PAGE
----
In a tight spot
A newly discovered circuit helps fish to prioritize
Being constantly flooded by a mass of stimuli, it is impossible for us to react to all of them. The same holds true for a little fish. Which stimuli should it pay attention to and which not? Scientists at the Max Planck Institute of Neurobiology have now deciphered the neuronal circuit that zebrafish use to prioritize visual stimuli. Surrounded by predators, a fish can thus choose its escape route from this predicament.
Even though we are not exposed to predators, we still have to decide which stimuli we pay attention to – for example, when crossing a street. Which cars should we avoid, which ones can we ignore?
"The processes in the brain and the circuits that lead to this so-called selective attention are largely unexplored," explains Miguel Fernandes, a postdoctoral researcher in Herwig Baier's department. "But if we understand this in a simple animal model like the zebrafish, it can give us fundamental insights into decision-making mechanisms in humans."
For this reason, Miguel Fernandes and his colleagues studied the behavior of zebrafish in the predicament described above: Using virtual reality, the team simulated two predators approaching a fish from the left and right at the same speed. In most cases, the fish focused on one of the two predators and fled in the opposite direction. They thus integrated only one, the so-called "winner stimulus", into their escape route (winner-take-all strategy).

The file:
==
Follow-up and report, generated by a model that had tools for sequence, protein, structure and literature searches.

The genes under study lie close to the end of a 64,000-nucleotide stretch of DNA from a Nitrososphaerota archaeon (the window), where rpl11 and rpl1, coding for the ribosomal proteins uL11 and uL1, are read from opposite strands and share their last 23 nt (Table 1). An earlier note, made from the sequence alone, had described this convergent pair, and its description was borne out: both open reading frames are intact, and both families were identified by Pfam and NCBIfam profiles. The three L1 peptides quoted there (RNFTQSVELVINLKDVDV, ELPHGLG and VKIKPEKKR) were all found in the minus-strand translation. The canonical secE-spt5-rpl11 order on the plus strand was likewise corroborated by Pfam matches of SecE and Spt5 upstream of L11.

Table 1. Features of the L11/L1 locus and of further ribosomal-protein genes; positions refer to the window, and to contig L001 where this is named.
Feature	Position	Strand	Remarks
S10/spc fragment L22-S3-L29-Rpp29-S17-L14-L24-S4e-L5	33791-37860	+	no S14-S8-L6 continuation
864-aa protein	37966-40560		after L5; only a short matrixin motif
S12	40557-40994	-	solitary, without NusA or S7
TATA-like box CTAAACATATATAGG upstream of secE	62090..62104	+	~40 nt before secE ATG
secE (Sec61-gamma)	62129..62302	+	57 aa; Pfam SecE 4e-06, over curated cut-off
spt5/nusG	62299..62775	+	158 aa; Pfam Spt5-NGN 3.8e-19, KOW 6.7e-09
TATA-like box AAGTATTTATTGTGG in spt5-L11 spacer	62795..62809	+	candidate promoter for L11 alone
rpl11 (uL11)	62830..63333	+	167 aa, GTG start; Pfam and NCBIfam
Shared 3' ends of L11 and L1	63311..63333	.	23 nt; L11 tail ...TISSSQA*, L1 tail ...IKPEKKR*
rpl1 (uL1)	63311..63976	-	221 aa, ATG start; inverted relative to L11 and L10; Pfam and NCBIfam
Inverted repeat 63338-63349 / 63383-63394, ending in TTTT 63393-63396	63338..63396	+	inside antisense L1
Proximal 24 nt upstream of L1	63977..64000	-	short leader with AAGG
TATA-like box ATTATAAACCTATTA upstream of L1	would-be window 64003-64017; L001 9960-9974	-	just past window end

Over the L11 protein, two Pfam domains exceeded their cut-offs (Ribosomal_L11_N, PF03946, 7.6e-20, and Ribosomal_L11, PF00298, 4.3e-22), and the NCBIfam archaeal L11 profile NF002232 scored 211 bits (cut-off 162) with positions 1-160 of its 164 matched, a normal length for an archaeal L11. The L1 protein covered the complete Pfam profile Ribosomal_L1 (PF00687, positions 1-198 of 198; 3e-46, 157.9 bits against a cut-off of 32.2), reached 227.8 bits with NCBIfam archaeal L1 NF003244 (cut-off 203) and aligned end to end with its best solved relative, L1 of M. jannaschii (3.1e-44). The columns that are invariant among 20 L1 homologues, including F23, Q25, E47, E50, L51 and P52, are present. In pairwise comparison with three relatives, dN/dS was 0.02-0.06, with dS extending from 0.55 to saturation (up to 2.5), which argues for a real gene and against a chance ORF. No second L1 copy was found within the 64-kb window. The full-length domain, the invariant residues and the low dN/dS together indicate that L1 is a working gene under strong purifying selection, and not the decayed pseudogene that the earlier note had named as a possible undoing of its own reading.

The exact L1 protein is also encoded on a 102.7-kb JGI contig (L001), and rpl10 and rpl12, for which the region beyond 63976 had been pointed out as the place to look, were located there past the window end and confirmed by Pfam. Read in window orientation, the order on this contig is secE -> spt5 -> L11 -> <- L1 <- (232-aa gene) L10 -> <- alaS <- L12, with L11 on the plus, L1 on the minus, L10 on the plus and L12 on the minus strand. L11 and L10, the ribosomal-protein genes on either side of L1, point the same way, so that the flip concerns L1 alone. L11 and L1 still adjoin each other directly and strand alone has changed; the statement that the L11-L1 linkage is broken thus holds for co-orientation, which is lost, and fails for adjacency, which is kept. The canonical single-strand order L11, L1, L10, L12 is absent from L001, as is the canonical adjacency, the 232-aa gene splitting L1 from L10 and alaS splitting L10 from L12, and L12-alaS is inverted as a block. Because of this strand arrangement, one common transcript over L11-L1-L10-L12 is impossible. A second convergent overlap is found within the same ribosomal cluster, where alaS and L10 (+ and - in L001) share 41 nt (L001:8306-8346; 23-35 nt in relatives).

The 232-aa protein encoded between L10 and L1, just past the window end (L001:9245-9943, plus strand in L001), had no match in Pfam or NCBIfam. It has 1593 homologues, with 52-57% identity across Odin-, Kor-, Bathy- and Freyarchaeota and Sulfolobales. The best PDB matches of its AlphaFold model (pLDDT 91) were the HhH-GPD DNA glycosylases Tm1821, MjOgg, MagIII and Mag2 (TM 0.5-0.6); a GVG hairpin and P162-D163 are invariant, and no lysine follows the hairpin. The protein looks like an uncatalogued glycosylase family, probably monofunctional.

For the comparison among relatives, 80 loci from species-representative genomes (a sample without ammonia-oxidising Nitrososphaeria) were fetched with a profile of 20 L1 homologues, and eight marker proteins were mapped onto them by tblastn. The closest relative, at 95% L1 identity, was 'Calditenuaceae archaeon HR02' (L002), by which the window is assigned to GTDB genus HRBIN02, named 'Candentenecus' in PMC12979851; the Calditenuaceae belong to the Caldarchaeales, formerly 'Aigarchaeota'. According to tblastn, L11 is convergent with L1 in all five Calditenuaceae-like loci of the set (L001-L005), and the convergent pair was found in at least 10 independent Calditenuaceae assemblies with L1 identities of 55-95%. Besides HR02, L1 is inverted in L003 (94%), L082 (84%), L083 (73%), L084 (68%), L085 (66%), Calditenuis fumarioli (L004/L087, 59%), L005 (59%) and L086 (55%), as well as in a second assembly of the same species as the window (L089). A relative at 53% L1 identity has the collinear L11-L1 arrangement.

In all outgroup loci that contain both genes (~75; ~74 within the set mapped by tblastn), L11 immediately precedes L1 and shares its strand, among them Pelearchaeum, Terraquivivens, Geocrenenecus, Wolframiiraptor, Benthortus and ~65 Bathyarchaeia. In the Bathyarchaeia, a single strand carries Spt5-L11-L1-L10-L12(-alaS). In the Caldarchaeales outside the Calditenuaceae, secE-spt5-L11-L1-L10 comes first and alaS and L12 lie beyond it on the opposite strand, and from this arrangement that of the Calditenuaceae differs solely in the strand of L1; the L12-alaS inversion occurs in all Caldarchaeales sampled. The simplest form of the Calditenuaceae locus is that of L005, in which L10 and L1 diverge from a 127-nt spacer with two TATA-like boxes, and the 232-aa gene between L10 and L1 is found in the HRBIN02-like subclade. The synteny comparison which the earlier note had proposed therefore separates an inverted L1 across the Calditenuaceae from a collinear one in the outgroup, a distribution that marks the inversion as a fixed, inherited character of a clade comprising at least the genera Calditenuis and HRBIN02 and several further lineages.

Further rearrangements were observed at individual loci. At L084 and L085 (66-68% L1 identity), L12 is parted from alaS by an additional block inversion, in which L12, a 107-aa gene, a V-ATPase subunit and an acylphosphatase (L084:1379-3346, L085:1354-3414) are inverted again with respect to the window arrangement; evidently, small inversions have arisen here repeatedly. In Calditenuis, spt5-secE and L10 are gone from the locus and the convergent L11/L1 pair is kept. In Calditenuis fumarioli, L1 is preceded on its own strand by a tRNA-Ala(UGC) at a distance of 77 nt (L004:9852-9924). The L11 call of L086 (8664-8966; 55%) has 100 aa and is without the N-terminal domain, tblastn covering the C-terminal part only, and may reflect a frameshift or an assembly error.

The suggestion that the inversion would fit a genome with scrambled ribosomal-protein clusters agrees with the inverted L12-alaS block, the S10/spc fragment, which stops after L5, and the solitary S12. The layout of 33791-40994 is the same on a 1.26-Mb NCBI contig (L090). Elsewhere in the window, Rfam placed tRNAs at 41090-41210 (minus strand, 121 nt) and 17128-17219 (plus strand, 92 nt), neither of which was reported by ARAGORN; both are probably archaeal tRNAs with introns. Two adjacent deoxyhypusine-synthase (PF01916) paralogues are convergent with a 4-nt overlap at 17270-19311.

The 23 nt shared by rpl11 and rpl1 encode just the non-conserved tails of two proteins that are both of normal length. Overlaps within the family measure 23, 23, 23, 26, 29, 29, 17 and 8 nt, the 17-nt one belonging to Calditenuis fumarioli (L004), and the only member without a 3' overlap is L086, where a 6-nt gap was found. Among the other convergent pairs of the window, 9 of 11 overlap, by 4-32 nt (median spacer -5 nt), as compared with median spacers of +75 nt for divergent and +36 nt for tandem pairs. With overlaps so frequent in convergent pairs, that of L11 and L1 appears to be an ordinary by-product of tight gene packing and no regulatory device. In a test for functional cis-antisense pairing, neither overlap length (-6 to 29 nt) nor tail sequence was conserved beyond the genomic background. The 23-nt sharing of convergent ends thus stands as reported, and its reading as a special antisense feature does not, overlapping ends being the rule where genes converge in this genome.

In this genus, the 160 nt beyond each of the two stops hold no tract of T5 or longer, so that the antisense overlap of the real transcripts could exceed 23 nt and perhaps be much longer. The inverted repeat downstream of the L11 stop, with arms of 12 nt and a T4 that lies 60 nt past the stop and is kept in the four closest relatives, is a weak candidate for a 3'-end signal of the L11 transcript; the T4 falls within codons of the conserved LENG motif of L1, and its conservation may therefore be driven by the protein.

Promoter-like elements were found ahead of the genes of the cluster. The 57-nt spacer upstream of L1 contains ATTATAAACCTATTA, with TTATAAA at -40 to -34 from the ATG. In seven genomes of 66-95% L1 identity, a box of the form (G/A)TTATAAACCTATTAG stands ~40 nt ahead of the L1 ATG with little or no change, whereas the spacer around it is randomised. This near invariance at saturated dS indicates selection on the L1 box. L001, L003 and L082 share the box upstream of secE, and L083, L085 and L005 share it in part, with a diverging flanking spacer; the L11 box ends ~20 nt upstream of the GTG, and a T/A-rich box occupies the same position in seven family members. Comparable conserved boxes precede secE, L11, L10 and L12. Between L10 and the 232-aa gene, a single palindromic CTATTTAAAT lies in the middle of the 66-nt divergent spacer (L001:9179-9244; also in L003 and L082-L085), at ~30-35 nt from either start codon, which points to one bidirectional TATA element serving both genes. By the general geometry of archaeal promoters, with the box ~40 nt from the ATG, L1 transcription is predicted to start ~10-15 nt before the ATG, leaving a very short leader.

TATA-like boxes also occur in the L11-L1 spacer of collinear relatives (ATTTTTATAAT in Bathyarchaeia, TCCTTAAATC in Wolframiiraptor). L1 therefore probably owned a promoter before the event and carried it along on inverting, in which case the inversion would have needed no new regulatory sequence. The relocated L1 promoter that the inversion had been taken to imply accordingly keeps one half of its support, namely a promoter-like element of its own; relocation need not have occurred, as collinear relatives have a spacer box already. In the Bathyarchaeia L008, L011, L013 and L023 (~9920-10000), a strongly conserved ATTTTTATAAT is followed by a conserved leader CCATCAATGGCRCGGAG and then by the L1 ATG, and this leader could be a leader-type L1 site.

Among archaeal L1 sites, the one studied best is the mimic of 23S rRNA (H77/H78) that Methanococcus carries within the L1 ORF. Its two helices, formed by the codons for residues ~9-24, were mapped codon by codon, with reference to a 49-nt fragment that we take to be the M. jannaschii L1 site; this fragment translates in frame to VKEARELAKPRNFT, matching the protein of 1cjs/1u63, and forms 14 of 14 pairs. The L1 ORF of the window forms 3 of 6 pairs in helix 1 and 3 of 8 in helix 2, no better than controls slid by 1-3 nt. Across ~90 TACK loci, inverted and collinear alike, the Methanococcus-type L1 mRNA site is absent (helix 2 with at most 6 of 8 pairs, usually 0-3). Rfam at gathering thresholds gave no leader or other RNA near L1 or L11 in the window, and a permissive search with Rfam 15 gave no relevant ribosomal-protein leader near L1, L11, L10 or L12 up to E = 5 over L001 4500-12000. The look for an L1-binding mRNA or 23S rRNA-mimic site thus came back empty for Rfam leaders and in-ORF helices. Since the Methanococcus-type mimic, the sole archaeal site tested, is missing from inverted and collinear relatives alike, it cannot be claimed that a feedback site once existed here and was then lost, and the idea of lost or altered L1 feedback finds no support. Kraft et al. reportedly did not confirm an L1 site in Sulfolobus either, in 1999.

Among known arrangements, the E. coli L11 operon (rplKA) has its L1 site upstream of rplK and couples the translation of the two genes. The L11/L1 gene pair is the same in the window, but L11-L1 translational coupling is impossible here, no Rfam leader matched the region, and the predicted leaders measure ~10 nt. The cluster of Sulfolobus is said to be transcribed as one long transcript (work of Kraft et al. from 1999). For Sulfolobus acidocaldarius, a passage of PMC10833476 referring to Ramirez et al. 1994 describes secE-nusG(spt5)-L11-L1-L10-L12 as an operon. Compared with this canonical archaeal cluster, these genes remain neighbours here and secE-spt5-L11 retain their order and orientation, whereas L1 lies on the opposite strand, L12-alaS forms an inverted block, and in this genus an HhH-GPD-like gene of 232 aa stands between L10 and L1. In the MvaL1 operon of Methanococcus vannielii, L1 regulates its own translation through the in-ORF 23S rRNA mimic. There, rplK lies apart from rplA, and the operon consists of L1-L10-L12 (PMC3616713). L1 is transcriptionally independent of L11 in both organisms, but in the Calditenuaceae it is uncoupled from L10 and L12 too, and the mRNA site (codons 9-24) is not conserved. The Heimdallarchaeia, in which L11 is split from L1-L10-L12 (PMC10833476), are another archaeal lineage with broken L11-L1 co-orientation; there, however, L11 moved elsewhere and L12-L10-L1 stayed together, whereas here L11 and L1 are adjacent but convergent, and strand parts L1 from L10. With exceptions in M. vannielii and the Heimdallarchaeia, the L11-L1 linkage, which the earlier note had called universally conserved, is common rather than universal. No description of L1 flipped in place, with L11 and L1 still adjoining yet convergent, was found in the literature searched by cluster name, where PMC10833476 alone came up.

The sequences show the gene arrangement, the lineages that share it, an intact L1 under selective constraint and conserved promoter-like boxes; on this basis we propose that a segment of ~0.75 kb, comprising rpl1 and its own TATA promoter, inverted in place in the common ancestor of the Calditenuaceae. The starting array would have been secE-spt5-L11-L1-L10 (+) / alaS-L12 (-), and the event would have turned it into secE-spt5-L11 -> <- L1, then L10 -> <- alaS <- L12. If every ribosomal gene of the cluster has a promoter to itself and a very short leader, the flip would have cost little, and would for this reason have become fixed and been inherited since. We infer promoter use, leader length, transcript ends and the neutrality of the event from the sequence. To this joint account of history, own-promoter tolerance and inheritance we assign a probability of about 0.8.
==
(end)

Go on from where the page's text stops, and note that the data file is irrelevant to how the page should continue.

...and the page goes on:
However, in some cases, the fish evaluated both stimuli and swam through the middle (averaging strategy). This showed that fish are in principle able to include both threats in their escape way. However, they usually pay attention to only one stimulus.
With the knowledge gained from this behavioral analysis, the researchers investigated which brain regions are active during stimulus selection. In the nearly transparent zebrafish, they identified under the microscope two brain regions: the tectum, the processing hub for visual stimuli, and an appendage of it, the so-called nucleus isthmi (NI).
To determine the role of the NI more precisely, the researchers inactivated neurons in this brain region. Interestingly, in virtual reality experiments, the fish now used predominately the averaging strategy instead of the winner-take-all strategy – a sign that the NI plays a crucial role in determining a winner-stimulus.
By tracking down the cell extensions of the neurons, the scientists decoded the circuit between the two brain regions: Tectal neurons extend to the NI, whose cells, in turn, innervate the tectum. This creates a feedback loop that enhances the signals of winner-stimuli in the brain. All other stimuli classified as unimportant, on the other hand, are suppressed.
With this newly discovered circuit, the brain assigns a specific level of importance to all optical perceptions. As a basis for decision-making, this allows fish to react to important stimuli and ignore unimportant ones. Researchers can now continue to investigate for example how experience or stress influence the fish’s reaction.